By the time Jaron gets to claiming that the Web and video games are “based on an underlying logic that reflects the command line”, this assertion has been reduced almost to meaninglessness. Jaron wants to blame our inability to get virtual reality beyond the toy-and-demo-stage on fixed ideas, but the real problem with VR is far more fundamental. It’s what flight students call simulator sickness — people get nauseated and disoriented when their eyeballs and their inner-ear attitude-and-motion sensors keep sending them conflicting messages. Jaron invented the label and concept of “virtual reality”; his ire at the command line seems to me to be a pure displacement of an understandable frustration that VR just won’t work on humans.

Jaron then goes on to confuse partial openess with ambiguity. In fact, partial openness is quite easy to achive in software; many websites, for example, have both public and passworded content. Ambiguity is a little more difficult, but nowadays fuzzy logic and satisficing algorithms are so well established that they’re used in the firmware for washing machines. It isn’t that we don’t know how to do the things Jaron points at, it’s that there is not enough market demand for them to stimulate big deployments. Or, to put it slightly differently, most human beings don’t actually want them enough to pay for them.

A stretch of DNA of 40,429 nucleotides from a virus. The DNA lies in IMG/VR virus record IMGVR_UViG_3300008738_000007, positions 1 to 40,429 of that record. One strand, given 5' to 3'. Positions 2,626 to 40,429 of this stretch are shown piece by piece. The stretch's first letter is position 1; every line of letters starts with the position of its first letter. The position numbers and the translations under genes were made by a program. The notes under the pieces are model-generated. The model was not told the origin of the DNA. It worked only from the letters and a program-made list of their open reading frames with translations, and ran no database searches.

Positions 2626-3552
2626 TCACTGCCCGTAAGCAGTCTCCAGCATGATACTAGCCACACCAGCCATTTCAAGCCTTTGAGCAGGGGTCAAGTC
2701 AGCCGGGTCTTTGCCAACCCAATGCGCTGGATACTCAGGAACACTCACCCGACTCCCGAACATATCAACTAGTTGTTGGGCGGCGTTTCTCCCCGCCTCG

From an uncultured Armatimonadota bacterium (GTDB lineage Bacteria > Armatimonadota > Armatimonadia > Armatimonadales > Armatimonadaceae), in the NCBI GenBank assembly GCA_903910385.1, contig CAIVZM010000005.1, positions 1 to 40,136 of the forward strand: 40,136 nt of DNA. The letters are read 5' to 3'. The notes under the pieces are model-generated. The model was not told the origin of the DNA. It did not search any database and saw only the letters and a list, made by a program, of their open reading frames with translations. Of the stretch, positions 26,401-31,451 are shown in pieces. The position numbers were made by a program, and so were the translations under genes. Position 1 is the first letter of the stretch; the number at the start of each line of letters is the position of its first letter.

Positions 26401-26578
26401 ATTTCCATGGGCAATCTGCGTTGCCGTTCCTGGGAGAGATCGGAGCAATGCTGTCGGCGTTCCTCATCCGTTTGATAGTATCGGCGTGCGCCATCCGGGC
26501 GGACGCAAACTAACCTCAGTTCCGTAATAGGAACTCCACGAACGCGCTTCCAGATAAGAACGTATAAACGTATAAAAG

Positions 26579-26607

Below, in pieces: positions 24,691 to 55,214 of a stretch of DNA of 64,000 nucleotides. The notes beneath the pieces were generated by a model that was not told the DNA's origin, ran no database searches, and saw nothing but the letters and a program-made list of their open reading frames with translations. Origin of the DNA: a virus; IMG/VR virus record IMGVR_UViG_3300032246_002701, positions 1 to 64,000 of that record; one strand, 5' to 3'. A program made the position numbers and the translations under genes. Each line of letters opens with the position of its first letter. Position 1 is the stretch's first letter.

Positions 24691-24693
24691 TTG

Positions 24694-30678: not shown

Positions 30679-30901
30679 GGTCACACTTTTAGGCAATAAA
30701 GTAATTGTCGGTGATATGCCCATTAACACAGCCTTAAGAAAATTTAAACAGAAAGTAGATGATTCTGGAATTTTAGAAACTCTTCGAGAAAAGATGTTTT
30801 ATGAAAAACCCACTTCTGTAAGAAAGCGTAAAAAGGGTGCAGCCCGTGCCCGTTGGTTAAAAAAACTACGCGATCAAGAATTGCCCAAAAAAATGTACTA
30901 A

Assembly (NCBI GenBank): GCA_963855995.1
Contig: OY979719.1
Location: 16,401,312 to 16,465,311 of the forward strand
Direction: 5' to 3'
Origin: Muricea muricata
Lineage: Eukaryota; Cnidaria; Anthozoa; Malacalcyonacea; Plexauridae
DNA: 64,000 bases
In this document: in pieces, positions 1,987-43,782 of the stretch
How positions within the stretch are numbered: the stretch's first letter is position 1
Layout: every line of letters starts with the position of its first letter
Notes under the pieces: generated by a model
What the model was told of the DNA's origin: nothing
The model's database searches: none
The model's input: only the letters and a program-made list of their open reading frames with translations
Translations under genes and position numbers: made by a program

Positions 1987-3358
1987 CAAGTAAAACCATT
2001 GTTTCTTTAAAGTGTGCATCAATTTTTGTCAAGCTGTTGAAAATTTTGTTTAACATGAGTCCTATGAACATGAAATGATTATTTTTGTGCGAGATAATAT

I think there is considerable value in Jaron’s concept of an “antigora”, but by the time I got to that part of the essay I had nettle marks all over me from the preceding thicket of errors. And, alas, they continue; when he talks about computer users spending “astonishingly huge and increasing amounts of time updating software patches, visiting help desks, and performing other frustratingly tedious, ubiquitous tasks” he is mistaking a contingent property of Microsoft Windows for an essential property of software. Users of Linux and MacOS know that it doesn’t have to be this way.

I’m a Linux fan myself, and experience orders of magnitude less in the way of software pain than my Windows-using neighbors. And I observe that MacOS users experience significantly less pain than I do, if at significant cost in lost flexibility and options. These successes show that good user interfaces and robust software are not unattainable mysteries, they’re just engineering problems, albeit rather difficult ones. Thus, we should be wary of drawing larger conclusions from Microsoft’s incompetence.